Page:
From The Linux Programming Interface, §14.1
Each device file has a major ID number and a minor ID number. The major ID identifies the general class of device, and is used by the kernel to look up the appropriate
driver for this type of device. The minor ID uniquely identifies a particular device
within a general class. The major and minor IDs of a device file are displayed by the
ls -l command.
Each device driver registers its association with a specific major device ID, and this association provides the connection between the device special file and the device. The name of the device file has no relevance when the kernel looks for the device driver.
See also this old (2001) Linux Device Drivers (2e) chapter.
i.e. the intention is to provide a unique mapping of major:minor to device:instance for each type of device. Strictly, you can have two distinct devices with the same major: minor, as long as one is char and one is block:
# ls -l /dev/ram1 /dev/mem
crw-r----- 1 root kmem 1, 1 Jan 1 1970 /dev/mem
brw-rw---- 1 root disk 1, 1 Jan 1 1970 /dev/ram1
On Linux, at any point in time on one system the major:minor numbers for each type of device are unique. The numbers may however change over time, and need not be the same on across different Linux systems (even the same distribution, kernel and hardware). Note that character and block devices have distinct numbering spaces, e.g. block major 1 is assigned to RAM disks, char major 1 is assigned to a set of kernel devices including null and zero.
Historically device majors were (mostly) statically allocated through a registry (also still present, though unmaintained, in the kernel source
Documentation/devices.txt). These days many devices are allocated dynamically, this is managed by udev, and the mappings viewable in
/proc/devices. The fixed devices still exists in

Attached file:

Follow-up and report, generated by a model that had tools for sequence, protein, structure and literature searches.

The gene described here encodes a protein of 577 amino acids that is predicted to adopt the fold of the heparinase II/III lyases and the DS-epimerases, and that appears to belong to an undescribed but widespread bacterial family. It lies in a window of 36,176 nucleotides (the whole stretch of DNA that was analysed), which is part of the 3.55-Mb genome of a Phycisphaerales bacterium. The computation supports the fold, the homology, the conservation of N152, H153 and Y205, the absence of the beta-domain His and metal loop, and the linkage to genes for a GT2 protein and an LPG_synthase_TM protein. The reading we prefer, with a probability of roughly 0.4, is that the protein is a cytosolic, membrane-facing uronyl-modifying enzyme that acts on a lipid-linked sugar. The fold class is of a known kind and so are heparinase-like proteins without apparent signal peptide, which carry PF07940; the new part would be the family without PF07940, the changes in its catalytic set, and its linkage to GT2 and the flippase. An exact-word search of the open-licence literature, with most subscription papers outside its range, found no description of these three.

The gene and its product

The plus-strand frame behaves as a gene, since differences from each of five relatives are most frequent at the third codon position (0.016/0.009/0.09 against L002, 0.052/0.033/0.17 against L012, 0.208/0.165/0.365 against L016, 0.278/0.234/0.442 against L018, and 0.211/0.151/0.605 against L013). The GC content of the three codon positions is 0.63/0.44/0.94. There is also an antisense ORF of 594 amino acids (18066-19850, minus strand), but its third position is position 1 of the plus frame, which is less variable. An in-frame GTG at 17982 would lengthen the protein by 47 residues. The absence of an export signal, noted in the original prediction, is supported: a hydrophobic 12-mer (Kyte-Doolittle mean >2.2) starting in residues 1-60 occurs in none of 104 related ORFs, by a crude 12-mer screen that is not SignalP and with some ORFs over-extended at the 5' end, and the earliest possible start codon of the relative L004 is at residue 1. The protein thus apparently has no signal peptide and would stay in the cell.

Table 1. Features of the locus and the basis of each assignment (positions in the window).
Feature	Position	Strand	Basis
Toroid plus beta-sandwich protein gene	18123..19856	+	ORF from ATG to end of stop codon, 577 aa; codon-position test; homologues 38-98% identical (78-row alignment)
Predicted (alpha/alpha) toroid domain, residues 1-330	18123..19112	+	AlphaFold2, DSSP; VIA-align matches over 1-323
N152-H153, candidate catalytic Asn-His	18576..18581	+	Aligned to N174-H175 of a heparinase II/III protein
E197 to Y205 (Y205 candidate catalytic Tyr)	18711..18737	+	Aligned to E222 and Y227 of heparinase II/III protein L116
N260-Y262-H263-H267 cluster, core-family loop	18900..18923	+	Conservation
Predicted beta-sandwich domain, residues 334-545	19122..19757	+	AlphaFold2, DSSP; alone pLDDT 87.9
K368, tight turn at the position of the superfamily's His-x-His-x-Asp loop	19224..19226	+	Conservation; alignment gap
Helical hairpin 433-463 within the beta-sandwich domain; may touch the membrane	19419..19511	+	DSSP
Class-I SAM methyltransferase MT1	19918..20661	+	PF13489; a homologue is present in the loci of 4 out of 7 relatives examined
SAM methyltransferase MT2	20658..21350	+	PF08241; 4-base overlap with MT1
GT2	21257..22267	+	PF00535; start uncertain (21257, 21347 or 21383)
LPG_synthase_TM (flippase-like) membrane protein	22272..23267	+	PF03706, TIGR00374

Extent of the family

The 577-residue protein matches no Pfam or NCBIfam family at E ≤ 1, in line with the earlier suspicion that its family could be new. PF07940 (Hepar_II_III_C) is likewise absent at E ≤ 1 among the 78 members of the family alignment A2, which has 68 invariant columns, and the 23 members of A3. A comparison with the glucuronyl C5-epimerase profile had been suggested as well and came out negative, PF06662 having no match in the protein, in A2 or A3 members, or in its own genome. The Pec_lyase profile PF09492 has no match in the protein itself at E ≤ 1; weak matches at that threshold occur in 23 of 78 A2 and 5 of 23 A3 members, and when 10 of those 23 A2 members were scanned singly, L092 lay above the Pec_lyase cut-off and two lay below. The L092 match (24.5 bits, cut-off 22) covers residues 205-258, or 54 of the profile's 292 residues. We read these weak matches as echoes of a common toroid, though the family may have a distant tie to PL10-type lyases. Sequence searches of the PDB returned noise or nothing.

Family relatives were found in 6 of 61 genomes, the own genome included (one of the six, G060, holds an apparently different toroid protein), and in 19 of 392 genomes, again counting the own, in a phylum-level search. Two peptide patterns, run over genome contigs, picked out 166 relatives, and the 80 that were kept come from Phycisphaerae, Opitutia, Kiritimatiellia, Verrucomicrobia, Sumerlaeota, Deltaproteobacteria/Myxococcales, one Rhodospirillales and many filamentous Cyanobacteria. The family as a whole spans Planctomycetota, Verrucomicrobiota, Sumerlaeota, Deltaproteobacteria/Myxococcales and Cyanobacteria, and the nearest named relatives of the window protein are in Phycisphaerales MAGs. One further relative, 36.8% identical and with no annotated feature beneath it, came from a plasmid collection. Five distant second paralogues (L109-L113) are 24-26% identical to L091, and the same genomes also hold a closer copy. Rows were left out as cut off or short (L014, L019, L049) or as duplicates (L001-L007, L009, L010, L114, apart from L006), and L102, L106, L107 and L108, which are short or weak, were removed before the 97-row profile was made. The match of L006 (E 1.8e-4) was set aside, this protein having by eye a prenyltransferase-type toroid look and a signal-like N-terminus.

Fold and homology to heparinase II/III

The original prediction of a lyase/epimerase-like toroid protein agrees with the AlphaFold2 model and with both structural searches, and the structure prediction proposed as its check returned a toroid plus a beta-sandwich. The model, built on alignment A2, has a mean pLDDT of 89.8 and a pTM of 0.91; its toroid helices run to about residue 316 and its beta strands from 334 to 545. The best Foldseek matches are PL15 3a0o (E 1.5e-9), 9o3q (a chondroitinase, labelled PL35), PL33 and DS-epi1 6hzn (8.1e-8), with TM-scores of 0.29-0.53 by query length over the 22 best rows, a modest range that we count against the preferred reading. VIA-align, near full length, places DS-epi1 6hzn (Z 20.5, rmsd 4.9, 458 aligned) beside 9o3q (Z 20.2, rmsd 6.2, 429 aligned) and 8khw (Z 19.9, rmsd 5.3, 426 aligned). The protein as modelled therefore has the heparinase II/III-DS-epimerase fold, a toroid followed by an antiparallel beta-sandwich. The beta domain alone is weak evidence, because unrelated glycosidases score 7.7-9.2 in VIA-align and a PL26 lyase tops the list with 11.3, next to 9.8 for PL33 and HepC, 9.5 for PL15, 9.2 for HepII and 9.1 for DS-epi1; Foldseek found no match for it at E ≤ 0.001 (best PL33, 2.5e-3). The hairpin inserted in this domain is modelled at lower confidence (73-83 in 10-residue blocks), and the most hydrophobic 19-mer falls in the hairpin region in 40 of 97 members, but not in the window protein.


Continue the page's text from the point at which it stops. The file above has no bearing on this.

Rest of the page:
incude/uapi/linux/major.h (recently moved from
Now although the major:minor combination uniquely identifies specific device instances, there's nothing to stop you creating multiple devices nodes (files) that refer to the same device. They don't even have to be created in
/dev (but they do have to be on a filesystem that supports creating device nodes, and isn't mounted with the
A common use is creating duplicate zero, null and random devices in a chroot:
# find /dev /var/chroot -regextype posix-extended -regex ".*/(zero|null|random)" -type c |
xargs ls -l
crwxrwxrwx 1 root root 1, 3 2012-11-21 03:22 /dev/null
crw-rw-r-- 1 root root 1, 8 2012-05-07 10:35 /dev/random
crw-rw-rw- 1 root root 1, 5 2012-11-21 03:22 /dev/zero
crwxrwxrwx 1 root root 1, 3 2012-11-21 03:22 /var/chroot/sendmail/dev/null
crw-rw-r-- 1 root root 1, 8 2012-05-07 10:35 /var/chroot/sendmail/dev/random
crw-rw-rw- 1 root root 1, 5 2012-11-21 03:22 /var/chroot/sendmail/dev/zero
The names are just aliases, the kernel doesn't care much about most names or locations, it cares about the major number so that it can select the correct driver, and the driver (usually) cares about the minor number so it can select the correct instance.
Most names are simply convention (though some are defined by POSIX). Note also that one device may register for multiple major numbers, check the
sd driver in
/proc/devices; a driver module name (
.ko) need not be the same as the device name, and need not be the same as the device node in
/dev, and a single driver module may manage multiple logical/physical devices or device names.
To recap: you may have two or more device nodes (in
/dev/ or elsewhere) which have the same major:minor numbers, but if they are the same type they refer to the same device. You can have one driver which can handle multiple major instances, but within the kernel and within the driver, for each type (char or block) the major:minor number is taken to refer to a specific device (major) and a specific instance (minor) of the device.
You cannot have two device nodes with the same type and major:minor and expect them to access two different logical or physical devices. When a device is being accessed the kernel select one driver based on the type and the major number (and not based on the the device node name), and by convention the minor number deterministically selects a specific instance or sub-function.
Some interesting history and some *BSD perspective can be found in Poul-Henning Kamp's 2002 BSDCon presentation:
If you leap back in time to 1978 (courtesy of Alcatel-Lucent, the Bell System Technical Journal Jul-Aug 1978) the 'Unix Time Sharing System' sets it out clearly (p1937):
Devices are characterized by a major device number, a minor device number, and a class (block or character). For each class, there is an array of entry points into the device drivers. The major device number is used to index the array when calling the code for a particular device driver. The minor device number is passed to the device driver as an argument. The minor number has no significance other than that attributed to it by the driver. Usually, the driver uses the minor number to access one of several identical physical devices.